Nearly two-thirds of Kroger workers polled by the Economic Roundtable said they don’t make enough money to pay basic expenses each month. Forty-four percent say they can’t pay their rent and 39% said they can’t afford all the groceries they need.

What workers want

The roundtable report includes several recommendations, including:

— Immediate housing assistance for Kroger employees who are homeless or facing eviction (Note: Kroger already has a Helping Hands fund that provides assistance to associates going through significant life events, including challenges related to the COVID-19 pandemic)

– Double the share of Kroger workers who have full-time jobs to 60% from 30%

— Offering a 50% discount on all groceries to Kroger workers to end their food insecurity

— Provide childcare subsidies to Kroger employees who have children under 12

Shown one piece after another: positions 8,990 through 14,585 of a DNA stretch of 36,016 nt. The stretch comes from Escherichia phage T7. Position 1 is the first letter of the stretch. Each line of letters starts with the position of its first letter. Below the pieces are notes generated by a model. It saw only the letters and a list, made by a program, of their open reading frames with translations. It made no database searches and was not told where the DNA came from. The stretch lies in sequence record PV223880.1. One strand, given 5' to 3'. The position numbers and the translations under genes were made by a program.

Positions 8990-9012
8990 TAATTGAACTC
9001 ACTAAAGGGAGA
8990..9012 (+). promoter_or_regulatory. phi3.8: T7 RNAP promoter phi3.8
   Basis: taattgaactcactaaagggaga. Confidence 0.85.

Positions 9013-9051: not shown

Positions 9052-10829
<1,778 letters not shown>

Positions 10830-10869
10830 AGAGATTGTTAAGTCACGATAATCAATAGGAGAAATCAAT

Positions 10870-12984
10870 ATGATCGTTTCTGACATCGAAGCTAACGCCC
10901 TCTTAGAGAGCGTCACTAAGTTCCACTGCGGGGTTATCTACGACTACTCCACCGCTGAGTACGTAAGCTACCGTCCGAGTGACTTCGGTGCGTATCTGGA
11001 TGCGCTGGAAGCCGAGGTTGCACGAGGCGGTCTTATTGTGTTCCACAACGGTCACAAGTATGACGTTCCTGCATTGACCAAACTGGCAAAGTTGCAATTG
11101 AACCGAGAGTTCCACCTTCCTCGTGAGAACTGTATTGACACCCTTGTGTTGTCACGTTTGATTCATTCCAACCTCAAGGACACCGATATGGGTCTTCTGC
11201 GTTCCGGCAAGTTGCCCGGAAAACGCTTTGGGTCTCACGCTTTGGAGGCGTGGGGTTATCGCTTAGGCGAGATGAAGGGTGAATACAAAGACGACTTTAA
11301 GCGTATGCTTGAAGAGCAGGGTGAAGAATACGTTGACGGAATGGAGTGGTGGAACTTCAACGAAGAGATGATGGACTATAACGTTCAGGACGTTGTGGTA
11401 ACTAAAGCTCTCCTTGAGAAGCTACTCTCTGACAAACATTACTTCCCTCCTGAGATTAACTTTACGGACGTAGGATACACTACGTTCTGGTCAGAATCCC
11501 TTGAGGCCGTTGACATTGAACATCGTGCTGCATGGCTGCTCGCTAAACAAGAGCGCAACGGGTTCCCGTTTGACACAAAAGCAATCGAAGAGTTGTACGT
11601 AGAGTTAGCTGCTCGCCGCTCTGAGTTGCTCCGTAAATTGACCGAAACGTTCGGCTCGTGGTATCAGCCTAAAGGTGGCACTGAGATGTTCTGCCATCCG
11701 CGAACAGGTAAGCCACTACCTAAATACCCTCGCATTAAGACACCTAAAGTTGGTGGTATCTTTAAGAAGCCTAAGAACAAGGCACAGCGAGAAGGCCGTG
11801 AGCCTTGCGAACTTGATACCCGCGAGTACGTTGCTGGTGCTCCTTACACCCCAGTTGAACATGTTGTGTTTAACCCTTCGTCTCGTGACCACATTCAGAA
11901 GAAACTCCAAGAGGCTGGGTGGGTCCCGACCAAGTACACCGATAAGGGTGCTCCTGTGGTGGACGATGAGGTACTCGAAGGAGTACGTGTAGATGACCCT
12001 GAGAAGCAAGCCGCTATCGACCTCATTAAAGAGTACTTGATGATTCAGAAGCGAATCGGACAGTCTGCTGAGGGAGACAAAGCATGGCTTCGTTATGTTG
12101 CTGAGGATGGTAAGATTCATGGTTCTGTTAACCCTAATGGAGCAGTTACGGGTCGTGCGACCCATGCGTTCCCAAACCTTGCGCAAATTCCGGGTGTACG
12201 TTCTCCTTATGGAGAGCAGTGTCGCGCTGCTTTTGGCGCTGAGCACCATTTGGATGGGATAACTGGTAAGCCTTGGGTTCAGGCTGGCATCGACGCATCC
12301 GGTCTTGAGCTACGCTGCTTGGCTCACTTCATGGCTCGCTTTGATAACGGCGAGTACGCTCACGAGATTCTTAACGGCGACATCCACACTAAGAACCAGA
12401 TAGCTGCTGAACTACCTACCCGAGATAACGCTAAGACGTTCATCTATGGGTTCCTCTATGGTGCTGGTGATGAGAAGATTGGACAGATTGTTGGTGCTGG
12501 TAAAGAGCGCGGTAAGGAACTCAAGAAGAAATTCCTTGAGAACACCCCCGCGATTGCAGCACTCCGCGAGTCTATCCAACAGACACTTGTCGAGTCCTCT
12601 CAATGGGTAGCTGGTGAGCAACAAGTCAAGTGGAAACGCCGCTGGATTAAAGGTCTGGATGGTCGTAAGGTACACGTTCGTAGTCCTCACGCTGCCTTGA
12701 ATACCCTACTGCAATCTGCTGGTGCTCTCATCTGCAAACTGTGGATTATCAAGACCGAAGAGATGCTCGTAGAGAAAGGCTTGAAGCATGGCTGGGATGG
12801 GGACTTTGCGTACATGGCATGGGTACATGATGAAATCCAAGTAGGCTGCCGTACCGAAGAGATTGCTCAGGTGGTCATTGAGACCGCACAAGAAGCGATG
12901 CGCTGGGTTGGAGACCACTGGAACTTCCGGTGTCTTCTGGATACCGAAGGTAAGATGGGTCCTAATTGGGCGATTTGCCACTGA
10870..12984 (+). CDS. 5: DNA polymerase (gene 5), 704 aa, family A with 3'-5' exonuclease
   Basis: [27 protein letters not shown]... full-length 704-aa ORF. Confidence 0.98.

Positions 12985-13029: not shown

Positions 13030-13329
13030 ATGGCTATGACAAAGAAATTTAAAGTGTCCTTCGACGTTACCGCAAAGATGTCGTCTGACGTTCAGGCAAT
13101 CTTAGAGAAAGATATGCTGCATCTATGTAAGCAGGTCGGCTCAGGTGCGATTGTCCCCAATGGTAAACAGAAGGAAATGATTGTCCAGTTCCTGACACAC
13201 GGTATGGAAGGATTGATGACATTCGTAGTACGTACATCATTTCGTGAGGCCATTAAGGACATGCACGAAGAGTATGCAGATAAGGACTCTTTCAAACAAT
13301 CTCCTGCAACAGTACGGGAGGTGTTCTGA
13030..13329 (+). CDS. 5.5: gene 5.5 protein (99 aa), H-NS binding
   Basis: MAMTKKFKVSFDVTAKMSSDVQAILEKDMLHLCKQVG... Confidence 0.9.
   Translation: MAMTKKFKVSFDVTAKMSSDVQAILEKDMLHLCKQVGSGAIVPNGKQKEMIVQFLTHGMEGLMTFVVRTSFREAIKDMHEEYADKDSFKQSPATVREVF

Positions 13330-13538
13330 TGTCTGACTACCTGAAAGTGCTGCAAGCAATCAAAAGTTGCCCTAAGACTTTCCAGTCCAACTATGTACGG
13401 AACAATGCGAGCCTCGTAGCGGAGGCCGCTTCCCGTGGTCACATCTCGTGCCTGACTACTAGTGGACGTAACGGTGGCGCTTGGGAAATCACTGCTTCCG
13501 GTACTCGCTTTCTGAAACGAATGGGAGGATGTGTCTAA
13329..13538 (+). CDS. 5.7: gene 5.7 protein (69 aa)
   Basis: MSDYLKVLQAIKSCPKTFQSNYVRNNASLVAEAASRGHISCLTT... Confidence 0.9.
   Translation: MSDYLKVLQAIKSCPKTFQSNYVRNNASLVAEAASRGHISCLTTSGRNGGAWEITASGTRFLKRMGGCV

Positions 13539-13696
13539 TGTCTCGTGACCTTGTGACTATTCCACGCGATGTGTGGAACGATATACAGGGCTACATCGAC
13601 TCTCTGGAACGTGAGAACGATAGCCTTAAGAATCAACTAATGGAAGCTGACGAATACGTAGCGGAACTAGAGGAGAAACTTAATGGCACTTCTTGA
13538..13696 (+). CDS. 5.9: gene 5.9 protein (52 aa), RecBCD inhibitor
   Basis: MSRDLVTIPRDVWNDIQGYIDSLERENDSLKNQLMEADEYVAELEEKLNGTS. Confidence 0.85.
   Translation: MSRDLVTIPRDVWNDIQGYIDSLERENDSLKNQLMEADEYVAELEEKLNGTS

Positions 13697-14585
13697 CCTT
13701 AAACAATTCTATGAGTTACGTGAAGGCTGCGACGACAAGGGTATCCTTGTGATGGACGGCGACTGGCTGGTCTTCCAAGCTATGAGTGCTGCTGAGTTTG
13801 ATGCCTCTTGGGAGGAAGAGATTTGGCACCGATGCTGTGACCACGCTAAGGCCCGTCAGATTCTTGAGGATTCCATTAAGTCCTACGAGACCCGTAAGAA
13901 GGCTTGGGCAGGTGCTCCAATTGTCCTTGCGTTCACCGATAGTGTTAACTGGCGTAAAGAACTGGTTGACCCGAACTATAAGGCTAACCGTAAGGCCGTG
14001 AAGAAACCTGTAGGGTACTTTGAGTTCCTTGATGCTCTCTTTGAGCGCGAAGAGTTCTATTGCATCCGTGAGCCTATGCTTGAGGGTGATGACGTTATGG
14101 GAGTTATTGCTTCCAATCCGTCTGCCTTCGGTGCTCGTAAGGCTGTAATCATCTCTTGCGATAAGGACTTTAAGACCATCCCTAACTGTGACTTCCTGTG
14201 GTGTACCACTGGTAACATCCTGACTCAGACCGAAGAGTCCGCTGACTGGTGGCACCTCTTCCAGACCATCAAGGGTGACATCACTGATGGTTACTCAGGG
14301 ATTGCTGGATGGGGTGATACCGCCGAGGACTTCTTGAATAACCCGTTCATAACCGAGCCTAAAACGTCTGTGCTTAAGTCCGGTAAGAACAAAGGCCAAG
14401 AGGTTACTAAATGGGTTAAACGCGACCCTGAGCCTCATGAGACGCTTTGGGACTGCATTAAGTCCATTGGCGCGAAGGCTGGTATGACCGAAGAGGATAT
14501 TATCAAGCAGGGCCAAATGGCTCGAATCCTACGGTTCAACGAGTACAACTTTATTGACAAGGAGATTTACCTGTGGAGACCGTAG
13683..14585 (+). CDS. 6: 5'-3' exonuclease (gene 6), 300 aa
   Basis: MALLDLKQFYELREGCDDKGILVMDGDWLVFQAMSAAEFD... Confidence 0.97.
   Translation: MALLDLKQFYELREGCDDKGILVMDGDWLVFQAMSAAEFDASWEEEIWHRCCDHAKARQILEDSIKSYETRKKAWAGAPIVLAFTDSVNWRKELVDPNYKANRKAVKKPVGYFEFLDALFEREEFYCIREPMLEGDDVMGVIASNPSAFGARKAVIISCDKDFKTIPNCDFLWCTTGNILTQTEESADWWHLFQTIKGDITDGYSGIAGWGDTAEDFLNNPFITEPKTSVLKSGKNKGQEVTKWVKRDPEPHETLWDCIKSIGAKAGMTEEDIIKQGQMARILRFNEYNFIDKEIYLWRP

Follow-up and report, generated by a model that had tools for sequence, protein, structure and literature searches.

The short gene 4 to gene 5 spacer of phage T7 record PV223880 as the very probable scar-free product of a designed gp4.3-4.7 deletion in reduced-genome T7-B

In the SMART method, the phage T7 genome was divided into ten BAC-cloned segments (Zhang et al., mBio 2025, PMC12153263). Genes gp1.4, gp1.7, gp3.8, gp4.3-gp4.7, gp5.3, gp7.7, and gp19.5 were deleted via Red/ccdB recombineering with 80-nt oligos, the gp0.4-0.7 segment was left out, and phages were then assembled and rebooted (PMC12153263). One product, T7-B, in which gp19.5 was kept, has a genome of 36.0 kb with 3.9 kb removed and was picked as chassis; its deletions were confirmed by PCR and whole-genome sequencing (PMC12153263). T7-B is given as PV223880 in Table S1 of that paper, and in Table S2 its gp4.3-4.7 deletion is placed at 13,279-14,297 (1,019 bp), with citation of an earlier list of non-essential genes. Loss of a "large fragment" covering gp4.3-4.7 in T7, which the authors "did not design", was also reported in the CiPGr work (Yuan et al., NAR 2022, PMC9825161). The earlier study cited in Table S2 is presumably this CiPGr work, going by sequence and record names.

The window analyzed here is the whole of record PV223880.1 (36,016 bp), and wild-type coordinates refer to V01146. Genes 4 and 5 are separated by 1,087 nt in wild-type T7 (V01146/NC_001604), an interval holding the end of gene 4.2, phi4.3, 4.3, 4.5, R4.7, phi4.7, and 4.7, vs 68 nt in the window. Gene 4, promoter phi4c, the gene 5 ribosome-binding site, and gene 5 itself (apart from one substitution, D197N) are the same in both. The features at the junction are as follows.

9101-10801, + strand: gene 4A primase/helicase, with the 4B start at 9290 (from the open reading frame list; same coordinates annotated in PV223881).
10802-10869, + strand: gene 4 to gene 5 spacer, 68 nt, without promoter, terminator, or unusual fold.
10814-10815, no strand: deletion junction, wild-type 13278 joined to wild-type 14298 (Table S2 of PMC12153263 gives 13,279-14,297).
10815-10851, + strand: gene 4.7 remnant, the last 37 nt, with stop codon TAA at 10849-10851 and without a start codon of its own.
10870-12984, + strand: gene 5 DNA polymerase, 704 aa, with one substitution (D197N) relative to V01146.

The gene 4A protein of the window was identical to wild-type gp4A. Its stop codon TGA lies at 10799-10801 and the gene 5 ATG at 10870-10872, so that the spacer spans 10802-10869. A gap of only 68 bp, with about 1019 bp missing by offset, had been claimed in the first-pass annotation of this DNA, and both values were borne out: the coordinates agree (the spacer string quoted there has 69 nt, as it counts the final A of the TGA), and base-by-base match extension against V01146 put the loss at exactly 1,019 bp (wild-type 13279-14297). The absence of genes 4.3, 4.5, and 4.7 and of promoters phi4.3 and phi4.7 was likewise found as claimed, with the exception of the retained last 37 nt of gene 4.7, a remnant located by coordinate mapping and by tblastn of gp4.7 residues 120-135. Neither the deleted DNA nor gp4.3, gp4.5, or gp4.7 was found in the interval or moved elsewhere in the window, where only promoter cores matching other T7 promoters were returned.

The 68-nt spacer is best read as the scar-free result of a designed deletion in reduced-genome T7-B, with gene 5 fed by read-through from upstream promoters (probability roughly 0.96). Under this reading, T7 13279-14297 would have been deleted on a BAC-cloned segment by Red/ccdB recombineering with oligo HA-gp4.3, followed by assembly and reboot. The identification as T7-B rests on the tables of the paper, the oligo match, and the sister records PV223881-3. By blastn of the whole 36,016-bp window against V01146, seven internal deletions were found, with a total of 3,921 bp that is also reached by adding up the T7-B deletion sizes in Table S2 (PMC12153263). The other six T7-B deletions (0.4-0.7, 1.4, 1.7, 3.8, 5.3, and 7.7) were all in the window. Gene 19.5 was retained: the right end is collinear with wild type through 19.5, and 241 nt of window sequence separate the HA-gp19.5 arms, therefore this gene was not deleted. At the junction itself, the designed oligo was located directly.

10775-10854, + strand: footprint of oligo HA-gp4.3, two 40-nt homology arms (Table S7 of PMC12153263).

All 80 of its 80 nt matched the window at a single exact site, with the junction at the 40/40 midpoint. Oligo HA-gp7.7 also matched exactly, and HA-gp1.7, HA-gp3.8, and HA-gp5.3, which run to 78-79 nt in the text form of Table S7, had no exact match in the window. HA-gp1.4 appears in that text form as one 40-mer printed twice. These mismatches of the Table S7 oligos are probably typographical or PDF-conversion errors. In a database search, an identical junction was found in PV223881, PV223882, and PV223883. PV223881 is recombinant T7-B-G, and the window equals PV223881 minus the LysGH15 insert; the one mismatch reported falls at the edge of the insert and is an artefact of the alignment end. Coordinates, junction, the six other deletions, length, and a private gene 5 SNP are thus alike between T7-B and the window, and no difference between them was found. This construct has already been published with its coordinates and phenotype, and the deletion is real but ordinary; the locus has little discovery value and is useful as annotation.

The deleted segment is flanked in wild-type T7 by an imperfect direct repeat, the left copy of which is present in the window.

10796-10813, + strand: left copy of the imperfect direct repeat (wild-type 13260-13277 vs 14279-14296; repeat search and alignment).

The npd analysis notes that Kroger’s earnings are very slim. In 2020, the Cincinnati-based company’s net profit was 2.1% of sales. That’s considerably lower than the profit margin of other retailers that also sell groceries, including Target (7.1%), Amazon (5.9%), Walmart (4.1%) and Costco (3 .5%), according to the study.

Kroger also touts its benefits package, which includes retirement savings and health care, on-demand access to mental health care, opportunities for career advancement, tuition assistance, scholarships, volunteer opportunities and grocery discounts.

Sixty-three percent of Kroger California workers have been with the company for at least three years, according to the npd report, and 41.5 percent have been with the company for more than 10 years.

Juarez said Kroger should start cutting costs from top to bottom.

“Executives should be willing to earn less so people on the front lines like me can earn more,” he said. “They need to change that paradigm, and it’s going to take someone like me to be an example.”

Salaire.com Kroger President and CEO Rodney McMullen received more than $20.5 million in total compensation for 2020. This included more than $1.3 million in base salary, in addition to bonuses, stock awards, non-stock incentive compensation and various other benefits.

Michael A. Bynum